I have never understood British designer Alexander McQueen’s approach to fashion. Certainly he’s creative and inspired. I just don’t get him.
A model wears a creation by British fashion designer Alexander McQueen as part of his Fall-Winter 2009-2010 ready-to-wear collection, Paris, Tuesday, March 10, 2009. (AP Photo/Christophe Ena) ORG XMIT: XCE136
His early runway collections triggered his reputation for controversy and shock tactics. He’s known for his lavish, unconventional runway shows. Isaac Mizrahi and Bob Mackie both approached New York runway shows as theatrical productions, and I got that, and loved it, but McQueen just seems so out there. Maybe it would be easier to understand if I saw his shows in person, instead of just looking at the pictures.
McQueen must be doing something right, though. He was one of the youngest designers to be named British Designer of the Year, which he won four times between 1996 and 2003. He was named International Designer of the Year at the Council of Fashion Designer Awards in 200. He has had many collaborations, the most recent with Target. His MCQ collection will be at the Target store at 13924 N Pennsylvania through April 14.
Do not confuse the Target collection with what he presents on the runway. Here’s what the Associated Press fashion writer has to say about Alexander McQueen’s collection for fall that was shown in Paris:
A dress made entirely from slick black feathers, with oversized bouffant sleeves sculpted to suggest a swan hurtling into flight. A cocktail dress with a bust made of a jumble of leather straps and a full skirt of tight looping ruffles with a garbage-bag black sheen.
These were pieces that cried out to be worn — with extravagance and wild abandon — but probably belonged more in a museum than in a closet. It was fashion as art — wearable art to be lusted after.
Working with a palette of graphic black, red and white, the McQueen took tactful staples like the skirt suit and the strapless cocktail dress and pushed them beyond the boundaries of politeness.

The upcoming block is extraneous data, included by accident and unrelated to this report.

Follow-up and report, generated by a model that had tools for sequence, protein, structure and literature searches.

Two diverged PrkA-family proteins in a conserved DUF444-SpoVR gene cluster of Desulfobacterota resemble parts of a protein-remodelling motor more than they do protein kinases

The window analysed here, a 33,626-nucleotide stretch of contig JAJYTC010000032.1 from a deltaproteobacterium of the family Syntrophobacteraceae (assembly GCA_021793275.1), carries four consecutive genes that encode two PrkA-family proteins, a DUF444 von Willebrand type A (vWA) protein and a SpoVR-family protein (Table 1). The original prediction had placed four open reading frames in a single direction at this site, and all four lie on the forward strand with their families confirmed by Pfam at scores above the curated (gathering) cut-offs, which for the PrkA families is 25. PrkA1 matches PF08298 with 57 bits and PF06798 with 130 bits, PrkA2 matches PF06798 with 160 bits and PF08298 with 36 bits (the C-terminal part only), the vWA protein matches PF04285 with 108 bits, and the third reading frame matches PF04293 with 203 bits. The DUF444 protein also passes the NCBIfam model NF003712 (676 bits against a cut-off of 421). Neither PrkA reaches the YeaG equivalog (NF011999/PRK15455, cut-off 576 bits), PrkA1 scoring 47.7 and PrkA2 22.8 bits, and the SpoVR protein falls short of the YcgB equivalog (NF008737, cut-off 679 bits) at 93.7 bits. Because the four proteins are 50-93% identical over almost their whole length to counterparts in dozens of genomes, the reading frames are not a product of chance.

He nipped the New Look suit’s wasp-waist even further, inflated its square shoulders and fluffed up the crinoline skirts. He padded the cascading train of a strapless evening gown until its skirts turned into a sort of bean bag that the model struggled to shuffle around the runway.
The black and white houndstooth checks that opened the show gave way to a red and black M.C. Escher-inspired print of ducks in flight that morph into houndstooth. McQueen also heaped on metalwork-studded hardware and feathers.
Hats made from open umbrellas, lampshades or a sculpture of found objects wrapped in clear plastic film topped off the looks.
Models, their faces covered in white and their mouths an oversized smear of red lipstick, picked their way around a huge pile of stylized rubbish in the middle of the catwalk and stopping in front of the photographers, leered.
It was beauty transformed into ugliness and then back into beauty again.
Models wear creations by British fashion designer Alexander McQueen as part of his Fall/Winter 2009-2010 ready-to-wear collection in Paris, Tuesday, March 10, 2009. (AP Photo/Thibault Camus) ORG XMIT: THC104